October 18, 2012
Two weeks after Mitt Romney politely dissected Barack Obama’s economic malpractice in front of 70 million Americans, some people are still peddling the idea that the evening’s bombshell was an imaginary threat to the survival of an imaginary bird.
Meanwhile, Conservative reaction to Romney saying he’d end subsidies for Public Broadcasting proves it’s possible to be absolutely correct and still miss the point.
Whether PBS could survive without subsidies is utterly irrelevant. The real point of the Big Bird panic is that there is no conceivable excuse for the existence of a government-owned broadcasting network in the United States, and Liberals are afraid people might figure that out.
Democrats lurching to a “Save Big Bird” strategy unintentionally reveal how the administration regards the mentality of voters it seeks to attract, and also reveals things about the role of PBS.
Sold as a cultural outpost to taxpayers who liked being told they were above the pedestrian fare served up by commercial networks—PBS unsurprisingly proved to be less an outpost than a beachhead.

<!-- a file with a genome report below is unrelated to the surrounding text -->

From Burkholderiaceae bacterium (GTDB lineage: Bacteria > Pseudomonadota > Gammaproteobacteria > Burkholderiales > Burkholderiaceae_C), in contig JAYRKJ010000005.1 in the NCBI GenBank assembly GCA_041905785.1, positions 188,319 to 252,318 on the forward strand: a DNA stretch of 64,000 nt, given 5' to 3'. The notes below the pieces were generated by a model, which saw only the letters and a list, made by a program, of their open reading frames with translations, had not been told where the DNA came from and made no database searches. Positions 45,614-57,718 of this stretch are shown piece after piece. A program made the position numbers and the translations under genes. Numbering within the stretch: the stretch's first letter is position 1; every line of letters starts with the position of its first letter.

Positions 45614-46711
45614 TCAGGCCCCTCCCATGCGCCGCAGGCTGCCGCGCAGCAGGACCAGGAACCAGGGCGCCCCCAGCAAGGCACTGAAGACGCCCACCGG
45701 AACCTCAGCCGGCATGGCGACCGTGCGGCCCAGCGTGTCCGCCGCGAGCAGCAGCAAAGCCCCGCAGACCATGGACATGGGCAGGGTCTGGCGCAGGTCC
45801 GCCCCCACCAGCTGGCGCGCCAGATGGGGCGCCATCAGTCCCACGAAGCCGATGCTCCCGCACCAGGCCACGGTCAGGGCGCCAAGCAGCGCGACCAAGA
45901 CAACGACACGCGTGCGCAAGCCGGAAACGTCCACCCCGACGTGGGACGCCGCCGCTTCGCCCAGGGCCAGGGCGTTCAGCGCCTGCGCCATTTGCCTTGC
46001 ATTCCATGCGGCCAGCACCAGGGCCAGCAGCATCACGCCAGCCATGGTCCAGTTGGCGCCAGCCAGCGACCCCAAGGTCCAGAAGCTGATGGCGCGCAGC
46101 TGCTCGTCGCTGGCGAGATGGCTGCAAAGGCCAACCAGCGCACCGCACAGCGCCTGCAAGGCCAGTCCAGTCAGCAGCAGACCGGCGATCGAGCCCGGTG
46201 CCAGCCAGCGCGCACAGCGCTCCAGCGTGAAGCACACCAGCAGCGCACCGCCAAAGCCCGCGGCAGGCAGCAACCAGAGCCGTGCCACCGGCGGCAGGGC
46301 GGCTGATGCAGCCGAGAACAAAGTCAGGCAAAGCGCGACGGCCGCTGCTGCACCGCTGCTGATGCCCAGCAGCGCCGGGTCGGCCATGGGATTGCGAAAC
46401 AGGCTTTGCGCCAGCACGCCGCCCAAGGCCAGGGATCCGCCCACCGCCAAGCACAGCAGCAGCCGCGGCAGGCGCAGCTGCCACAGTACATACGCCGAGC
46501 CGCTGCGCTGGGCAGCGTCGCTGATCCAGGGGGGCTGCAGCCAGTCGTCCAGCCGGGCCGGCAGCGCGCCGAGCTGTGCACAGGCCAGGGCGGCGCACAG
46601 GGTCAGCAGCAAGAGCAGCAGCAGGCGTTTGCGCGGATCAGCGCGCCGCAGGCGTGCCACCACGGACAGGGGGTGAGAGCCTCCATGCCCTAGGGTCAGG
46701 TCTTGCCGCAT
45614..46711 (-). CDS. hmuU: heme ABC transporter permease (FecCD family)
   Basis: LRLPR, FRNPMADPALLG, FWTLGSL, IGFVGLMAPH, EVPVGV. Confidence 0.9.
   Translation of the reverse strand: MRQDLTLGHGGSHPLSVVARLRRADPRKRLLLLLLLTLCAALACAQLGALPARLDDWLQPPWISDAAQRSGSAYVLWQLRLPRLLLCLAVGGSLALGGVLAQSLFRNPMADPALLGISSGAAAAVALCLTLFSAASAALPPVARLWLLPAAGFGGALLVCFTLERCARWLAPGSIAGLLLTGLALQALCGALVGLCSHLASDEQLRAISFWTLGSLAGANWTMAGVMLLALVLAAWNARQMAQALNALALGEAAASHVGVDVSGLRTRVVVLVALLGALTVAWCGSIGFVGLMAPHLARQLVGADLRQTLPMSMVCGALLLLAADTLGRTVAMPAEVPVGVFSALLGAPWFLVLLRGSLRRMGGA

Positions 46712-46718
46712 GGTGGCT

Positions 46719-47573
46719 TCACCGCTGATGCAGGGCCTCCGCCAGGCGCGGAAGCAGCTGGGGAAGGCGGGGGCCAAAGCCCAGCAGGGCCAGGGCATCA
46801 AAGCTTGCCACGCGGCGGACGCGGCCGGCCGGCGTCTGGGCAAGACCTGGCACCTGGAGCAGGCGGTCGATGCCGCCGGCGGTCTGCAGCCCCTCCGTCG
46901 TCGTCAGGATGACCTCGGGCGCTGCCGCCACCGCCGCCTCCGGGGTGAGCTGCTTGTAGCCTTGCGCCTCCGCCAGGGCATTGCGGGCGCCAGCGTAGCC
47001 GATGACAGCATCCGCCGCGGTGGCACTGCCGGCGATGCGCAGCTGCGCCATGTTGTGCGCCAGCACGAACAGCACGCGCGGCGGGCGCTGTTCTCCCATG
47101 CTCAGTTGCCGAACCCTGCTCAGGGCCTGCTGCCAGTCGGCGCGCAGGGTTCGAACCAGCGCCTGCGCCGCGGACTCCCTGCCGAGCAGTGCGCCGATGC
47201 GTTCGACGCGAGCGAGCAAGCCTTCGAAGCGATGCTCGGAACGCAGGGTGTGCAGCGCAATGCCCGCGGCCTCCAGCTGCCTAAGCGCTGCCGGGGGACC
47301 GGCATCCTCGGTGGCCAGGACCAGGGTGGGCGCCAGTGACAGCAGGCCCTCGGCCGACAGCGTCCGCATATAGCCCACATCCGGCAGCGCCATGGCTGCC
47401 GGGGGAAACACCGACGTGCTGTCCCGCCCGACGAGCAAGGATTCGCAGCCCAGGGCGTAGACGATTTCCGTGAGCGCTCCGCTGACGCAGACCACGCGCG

Once established, it instantly set about seducing the public to embrace Liberal government’s ambitions. For decades, PBS has helped propel us toward wrong decisions about what makes a healthy society and what we should look to government to do.
Would it be better if PBS were an engine of Conservative thought? No. Government constantly spends the people’s money to herd them, by touting its agenda. This gross abuse is inevitably the core purpose of any government-owned media. There is no way to prevent the abuse except by making sure government-owned media doesn’t exist.